They had previously observed pink biofluorescence in flying squirrels and were confirming it in the museum specimens when they decided to also check the museum’s platypus samples for the trait.

There, they discovered that platypuses also possess biofluorescence, with their brown fur exhibiting a greenish glow under the UV light. The researchers tested another sample in different museum and also observed the glow.

“Here we document the discovery of fluorescence of the pelage of the platypus (Ornithorhynchus anatinus)—to our knowledge, the first report of biofluorescence in a monotreme mammal under UV light,” the researchers wrote in the study. 

In total, the researchers observed platypus biofluorescence in three museum samples, two of which were from the Field Museum of Natural History and the other from the University of Nebraska State Museum, the news release noted. 

“It was a mix of serendipity and curiosity that led us to shine a UV light on the platypuses at the Field Museum. But we were also interested in seeing how deep in the mammalian tree the trait of biofluorescent fur went,” study lead Paula Spaeth Anich of Northland College said in the news release. “It’s thought that monotremes branched off the marsupial-placental lineage more than 150 million years ago. So, it was intriguing to see that animals that were such distant relatives also had biofluorescent fur.”

But what could platypuses possibly have use for biofluorescence? It’s possible, the researchers say, that platypuses use this trait to interact with each other in the dark and to reduce their visibility to UV sensitive-predators.

It would be particularly useful since platypuses are most active at night and during low-light environments at dawn and dusk. However, field research is needed to confirm these hypotheses, the researchers said.

Biofluorescence has been observed in many other animals such as fishes, reptiles and amphibians, but only few mammalian species are known to posses biofluorescence, including the opossum and the flying squirrel. 

“The discovery of biofluorescence in the platypus adds a new dimension to our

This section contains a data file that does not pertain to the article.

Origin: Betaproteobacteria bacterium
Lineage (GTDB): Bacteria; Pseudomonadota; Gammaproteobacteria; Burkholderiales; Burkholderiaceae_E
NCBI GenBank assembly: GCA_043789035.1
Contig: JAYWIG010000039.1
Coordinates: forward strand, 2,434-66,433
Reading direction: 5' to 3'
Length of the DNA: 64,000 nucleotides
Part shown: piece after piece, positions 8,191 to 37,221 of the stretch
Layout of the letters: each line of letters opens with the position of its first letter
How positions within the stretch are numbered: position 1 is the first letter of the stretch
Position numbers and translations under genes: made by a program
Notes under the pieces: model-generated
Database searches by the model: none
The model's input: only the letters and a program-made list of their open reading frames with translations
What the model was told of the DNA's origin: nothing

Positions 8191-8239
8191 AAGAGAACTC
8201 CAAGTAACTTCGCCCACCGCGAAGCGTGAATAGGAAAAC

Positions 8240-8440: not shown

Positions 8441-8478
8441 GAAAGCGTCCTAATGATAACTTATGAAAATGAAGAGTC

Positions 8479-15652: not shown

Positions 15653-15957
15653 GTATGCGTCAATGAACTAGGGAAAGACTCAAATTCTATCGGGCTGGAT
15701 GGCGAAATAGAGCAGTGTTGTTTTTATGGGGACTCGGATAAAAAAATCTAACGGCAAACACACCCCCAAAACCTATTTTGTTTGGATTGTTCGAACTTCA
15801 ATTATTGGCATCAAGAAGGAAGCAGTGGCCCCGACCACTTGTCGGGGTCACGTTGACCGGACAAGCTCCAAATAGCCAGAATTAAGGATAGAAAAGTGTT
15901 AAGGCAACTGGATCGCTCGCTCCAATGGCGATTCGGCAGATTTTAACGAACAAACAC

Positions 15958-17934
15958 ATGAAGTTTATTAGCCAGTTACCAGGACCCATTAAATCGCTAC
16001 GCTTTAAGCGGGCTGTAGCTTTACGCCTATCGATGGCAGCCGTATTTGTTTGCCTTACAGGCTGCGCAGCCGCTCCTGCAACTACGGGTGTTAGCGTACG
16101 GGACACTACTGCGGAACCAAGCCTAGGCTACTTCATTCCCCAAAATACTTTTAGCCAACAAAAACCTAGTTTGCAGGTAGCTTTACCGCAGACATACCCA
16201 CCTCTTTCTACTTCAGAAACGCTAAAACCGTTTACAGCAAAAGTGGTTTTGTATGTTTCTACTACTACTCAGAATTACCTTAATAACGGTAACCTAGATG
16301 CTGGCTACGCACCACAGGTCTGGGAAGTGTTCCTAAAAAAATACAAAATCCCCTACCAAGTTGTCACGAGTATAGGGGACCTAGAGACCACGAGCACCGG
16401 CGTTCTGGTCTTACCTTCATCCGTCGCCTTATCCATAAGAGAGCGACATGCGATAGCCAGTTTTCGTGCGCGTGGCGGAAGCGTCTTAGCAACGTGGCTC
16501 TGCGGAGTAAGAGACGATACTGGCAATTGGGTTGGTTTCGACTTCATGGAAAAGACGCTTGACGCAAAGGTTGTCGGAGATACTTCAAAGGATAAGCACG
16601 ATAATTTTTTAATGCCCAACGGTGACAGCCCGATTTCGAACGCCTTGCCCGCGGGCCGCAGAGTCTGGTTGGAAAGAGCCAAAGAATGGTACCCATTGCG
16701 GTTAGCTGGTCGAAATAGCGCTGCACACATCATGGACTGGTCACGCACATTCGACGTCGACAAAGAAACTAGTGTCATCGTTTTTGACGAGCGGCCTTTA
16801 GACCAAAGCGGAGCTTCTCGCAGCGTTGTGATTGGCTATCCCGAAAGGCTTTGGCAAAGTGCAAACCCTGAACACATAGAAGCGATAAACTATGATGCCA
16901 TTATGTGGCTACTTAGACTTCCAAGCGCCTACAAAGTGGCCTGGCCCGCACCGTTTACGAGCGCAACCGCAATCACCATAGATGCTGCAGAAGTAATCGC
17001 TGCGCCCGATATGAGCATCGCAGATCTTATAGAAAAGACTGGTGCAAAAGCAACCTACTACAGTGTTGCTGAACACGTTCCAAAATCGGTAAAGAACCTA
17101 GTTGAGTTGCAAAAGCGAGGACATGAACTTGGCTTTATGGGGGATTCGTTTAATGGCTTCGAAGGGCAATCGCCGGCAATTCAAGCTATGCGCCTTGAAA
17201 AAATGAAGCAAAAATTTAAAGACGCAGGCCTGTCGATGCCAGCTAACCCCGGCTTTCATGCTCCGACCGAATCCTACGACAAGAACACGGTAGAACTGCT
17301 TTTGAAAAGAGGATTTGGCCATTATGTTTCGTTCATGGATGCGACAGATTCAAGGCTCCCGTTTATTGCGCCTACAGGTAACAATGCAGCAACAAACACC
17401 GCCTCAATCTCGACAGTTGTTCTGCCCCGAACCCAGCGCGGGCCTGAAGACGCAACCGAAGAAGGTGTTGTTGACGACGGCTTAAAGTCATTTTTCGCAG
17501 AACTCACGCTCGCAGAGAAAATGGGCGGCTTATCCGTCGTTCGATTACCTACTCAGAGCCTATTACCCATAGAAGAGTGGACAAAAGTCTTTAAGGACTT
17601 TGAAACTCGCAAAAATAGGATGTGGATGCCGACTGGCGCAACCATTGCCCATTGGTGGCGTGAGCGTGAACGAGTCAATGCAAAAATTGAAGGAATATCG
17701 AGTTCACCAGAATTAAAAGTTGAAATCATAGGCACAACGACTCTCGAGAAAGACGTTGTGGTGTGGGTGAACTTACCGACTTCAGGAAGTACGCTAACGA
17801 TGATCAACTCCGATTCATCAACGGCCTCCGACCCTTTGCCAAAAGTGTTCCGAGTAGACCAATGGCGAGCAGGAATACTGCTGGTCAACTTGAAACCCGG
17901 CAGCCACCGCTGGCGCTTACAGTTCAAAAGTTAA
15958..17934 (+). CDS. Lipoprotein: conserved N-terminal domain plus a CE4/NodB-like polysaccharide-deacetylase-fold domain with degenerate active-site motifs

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First light on a next-gen astronomical survey toward a new understanding of the cosmos

First light on a next-gen astronomical survey toward a new understanding of the cosmos
The Sloan Digital Sky Survey’s fifth generation made its first observations earlier this month. This image shows a sampling of data from those first SDSS-V data. The central sky image is a single field of SDSS-V observations. The purple circle indicates the telescope’s field-of-view on the sky, with the full Moon shown as a size comparison. SDSS-V simultaneously observes 500 targets at a time within a circle of this size. The left panel shows the optical-light spectrum of a quasar–a supermassive black hole at the center of a distant galaxy, which is surrounded by a disk of hot, glowing gas. The purple blob is an SDSS image of the light from this disk, which in this dataset spans about 1 arcsecond on the sky, or the width of a human hair as seen from about 21 meters (63 feet) away. The right panel shows the image and spectrum of a white dwarf –the left-behind core of a low-mass star (like the Sun) after the end of its life. Credit: Hector Ibarra Medel, Jon Trump, Yue Shen, Gail Zasowski, and the SDSS-V Collaboration. Central background image: unWISE/NASA/JPL-Caltech/D.Lang (Perimeter Institute).

The Sloan Digital Sky Survey’s fifth generation collected its very first observations of the cosmos at 1:47 a.m. on October 24, 2020. This groundbreaking all-sky survey will bolster our understanding of the formation and evolution of galaxies—including our own Milky Way—and the supermassive black holes that lurk at their centers.

The newly-launched SDSS-V will continue the path-breaking tradition set by the survey’s previous generations, with a focus on the ever-changing night sky and the physical processes that drive these changes, from flickers and flares of supermassive black holes to the back-and-forth shifts of stars being orbited by distant worlds. SDSS-V will provide the spectroscopic backbone needed to achieve the full science potential of satellites like NASA’s TESS, ESA’s Gaia, and the latest all-sky X-ray mission, eROSITA.